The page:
In fact, owners must use a vet or a judge of the certified dog trainer to decide (determine the characteristics of a species) this will allow the issue of a certificate that confirms (or not depending on the results) whether the dog belongs to the first category of the 1999 law on so-called "dangerous" dogs.


    Bully American Bulldog (Classic)

    Standard American Bulldog (Scott)

    Hybrid American Bulldog (Bully x Standard)


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      The Ambulldog is considered tender, jovial and very expressive towards members of the family. Therefore they make very pleasant companion dogs, especially with children.

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      The clown-like side of this athletic dog, make this breed particularly enthusiastic when it comes to playing. Beware of their enormous amounts of energy which must be channeled from a young age.

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      This dog will be calm once it has used up its energy. That being said, they appreciate family life, especially spending time with their master, with whom they will become attached to very quickly. They will adapt a lot depending on their owner’s mood.

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      Built for work, whether as a watchdog for the Bully type or farm dog for the Standard type, their fine intelligence is put at the service of the missions entrusted to them.

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      The American Bulldog, Standard type (or Scott) is from a cross with a Pitbull, and has a much more accentuated hunter instinct than the Bully type (or classic) which is exclusively used for the guarding.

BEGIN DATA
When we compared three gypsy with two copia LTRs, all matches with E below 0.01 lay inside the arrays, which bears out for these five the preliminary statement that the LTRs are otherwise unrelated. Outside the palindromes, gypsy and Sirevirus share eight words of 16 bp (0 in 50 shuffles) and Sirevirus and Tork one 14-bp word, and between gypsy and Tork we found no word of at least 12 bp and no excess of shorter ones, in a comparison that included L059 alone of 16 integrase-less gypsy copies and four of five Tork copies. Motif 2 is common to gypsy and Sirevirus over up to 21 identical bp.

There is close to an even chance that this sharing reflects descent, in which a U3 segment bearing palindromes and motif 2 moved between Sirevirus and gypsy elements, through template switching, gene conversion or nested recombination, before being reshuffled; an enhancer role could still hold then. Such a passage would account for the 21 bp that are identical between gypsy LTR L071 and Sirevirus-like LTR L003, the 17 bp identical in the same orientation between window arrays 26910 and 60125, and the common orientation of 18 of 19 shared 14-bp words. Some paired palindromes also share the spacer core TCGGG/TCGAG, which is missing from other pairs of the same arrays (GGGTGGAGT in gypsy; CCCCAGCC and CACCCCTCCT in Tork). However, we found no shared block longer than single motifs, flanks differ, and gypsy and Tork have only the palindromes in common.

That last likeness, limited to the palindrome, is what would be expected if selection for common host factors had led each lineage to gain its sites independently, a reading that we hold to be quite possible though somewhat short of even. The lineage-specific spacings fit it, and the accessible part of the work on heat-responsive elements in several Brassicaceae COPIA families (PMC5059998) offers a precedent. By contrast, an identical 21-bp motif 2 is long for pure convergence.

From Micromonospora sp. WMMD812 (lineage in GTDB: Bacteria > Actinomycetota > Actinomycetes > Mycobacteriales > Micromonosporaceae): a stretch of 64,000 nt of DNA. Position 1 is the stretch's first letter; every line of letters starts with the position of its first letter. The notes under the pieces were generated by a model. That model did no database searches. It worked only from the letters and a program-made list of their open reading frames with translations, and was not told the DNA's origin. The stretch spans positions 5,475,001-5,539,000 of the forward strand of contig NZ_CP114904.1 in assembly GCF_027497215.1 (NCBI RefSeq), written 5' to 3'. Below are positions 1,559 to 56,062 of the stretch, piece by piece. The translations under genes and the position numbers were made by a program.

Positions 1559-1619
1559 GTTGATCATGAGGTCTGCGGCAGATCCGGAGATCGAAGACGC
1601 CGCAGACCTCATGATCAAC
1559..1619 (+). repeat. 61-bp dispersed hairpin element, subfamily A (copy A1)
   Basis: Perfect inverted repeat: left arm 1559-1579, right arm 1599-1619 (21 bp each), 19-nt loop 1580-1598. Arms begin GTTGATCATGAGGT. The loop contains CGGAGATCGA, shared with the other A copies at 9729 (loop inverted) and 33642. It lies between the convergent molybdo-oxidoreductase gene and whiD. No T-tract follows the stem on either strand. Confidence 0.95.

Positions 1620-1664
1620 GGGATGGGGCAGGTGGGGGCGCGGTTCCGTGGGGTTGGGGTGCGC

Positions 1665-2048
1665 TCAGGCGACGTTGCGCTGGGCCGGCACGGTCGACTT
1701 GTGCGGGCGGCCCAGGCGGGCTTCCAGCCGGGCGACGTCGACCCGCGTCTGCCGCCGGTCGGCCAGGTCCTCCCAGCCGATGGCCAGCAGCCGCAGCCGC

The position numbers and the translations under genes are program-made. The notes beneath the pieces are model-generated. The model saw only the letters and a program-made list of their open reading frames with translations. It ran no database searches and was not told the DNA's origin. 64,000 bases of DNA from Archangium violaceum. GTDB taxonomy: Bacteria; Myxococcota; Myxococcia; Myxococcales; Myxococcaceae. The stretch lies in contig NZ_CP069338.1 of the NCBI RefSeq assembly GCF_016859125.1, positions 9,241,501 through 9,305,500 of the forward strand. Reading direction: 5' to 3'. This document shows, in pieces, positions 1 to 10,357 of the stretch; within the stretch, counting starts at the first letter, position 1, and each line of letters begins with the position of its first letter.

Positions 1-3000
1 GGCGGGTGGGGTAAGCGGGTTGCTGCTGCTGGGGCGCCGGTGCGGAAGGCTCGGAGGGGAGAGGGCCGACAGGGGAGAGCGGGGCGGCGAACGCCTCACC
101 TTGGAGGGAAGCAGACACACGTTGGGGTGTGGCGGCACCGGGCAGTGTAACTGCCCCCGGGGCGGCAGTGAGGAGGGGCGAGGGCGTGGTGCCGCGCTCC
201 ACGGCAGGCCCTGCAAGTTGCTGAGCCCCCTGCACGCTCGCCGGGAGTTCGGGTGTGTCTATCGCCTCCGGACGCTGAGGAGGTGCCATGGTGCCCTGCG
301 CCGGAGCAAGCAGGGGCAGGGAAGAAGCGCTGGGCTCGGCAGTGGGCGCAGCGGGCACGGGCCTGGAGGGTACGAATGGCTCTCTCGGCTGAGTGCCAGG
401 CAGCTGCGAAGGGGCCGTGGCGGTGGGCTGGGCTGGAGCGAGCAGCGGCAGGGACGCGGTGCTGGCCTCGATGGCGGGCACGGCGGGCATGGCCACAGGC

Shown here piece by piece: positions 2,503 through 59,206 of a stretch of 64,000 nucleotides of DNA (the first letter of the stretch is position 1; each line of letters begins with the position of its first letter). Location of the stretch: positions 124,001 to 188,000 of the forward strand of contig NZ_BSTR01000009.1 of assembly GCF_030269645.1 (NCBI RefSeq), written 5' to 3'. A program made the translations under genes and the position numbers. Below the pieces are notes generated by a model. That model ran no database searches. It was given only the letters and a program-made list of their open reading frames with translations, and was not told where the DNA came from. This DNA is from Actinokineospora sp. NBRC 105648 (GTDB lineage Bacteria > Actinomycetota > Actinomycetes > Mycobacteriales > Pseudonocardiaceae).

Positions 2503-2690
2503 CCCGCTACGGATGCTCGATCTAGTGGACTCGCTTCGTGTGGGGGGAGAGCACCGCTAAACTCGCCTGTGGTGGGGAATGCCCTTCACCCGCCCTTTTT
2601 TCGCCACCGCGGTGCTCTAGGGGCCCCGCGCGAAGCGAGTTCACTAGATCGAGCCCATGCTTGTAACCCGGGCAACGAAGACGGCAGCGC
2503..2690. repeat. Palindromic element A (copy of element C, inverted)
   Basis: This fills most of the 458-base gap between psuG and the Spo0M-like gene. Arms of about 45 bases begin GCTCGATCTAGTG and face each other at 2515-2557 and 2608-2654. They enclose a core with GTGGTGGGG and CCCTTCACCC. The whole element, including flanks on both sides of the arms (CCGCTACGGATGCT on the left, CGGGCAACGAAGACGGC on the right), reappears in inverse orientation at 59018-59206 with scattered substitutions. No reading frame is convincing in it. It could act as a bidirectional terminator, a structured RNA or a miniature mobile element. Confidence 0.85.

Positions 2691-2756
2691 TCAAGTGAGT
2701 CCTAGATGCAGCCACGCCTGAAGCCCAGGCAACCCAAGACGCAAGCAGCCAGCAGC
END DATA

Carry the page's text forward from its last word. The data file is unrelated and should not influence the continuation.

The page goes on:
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      Fearful / wary of strangers

      Very suspicious and vigilant around strangers, the American Bulldog should not be too shy or aggressive because this is considered a flaw. By nature, this dog is wary of strangers but never attacks without reason.

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      These dogs are very loyal and have an unfaltering admiration for their owners and all those around them.

      Behaviour of the American Bulldog

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        Tolerates solitude

        Since this dog is very close to the members of its adoptive family, it does not cope well with loneliness. An American Bulldog will suffer if left isolated or excluded and gradual habituation to short absences is necessary.

        In no case can an American Bulldog remain alone at home for an entire day, otherwise serious behavioural disorders could develop (excessive barking, destruction, separation anxiety, etc.). Ambulldogs require their families to be available and present to feel safe.

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        Easy to train / obedience

        Although more docile than their molosser cousins, the American Bulldog remains a bit stubborn and can be difficult to educate, especially by amateur masters.

        However, if a relationship of trust and mutual respect between the master and his dog is established and the educational methods respect the principles of positive and non-violent education, it can be very pleasant to interact with an American Bulldog. 

        One must not in any case seek any balance of power with him, at the risk of fanning his aggression and turn him into a dangerous dog. There are no bad dogs, only bad teachers, so it is important to know how to educate a dog with firmness and gentleness before adopting this breed.

        Socialisation will have to be one of the key points of your dog’s education because this breed tends to want to dominate other dogs, sometimes seeking a fight.

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        The Ambulldog rarely barks, their presence alone serves as a deterrent.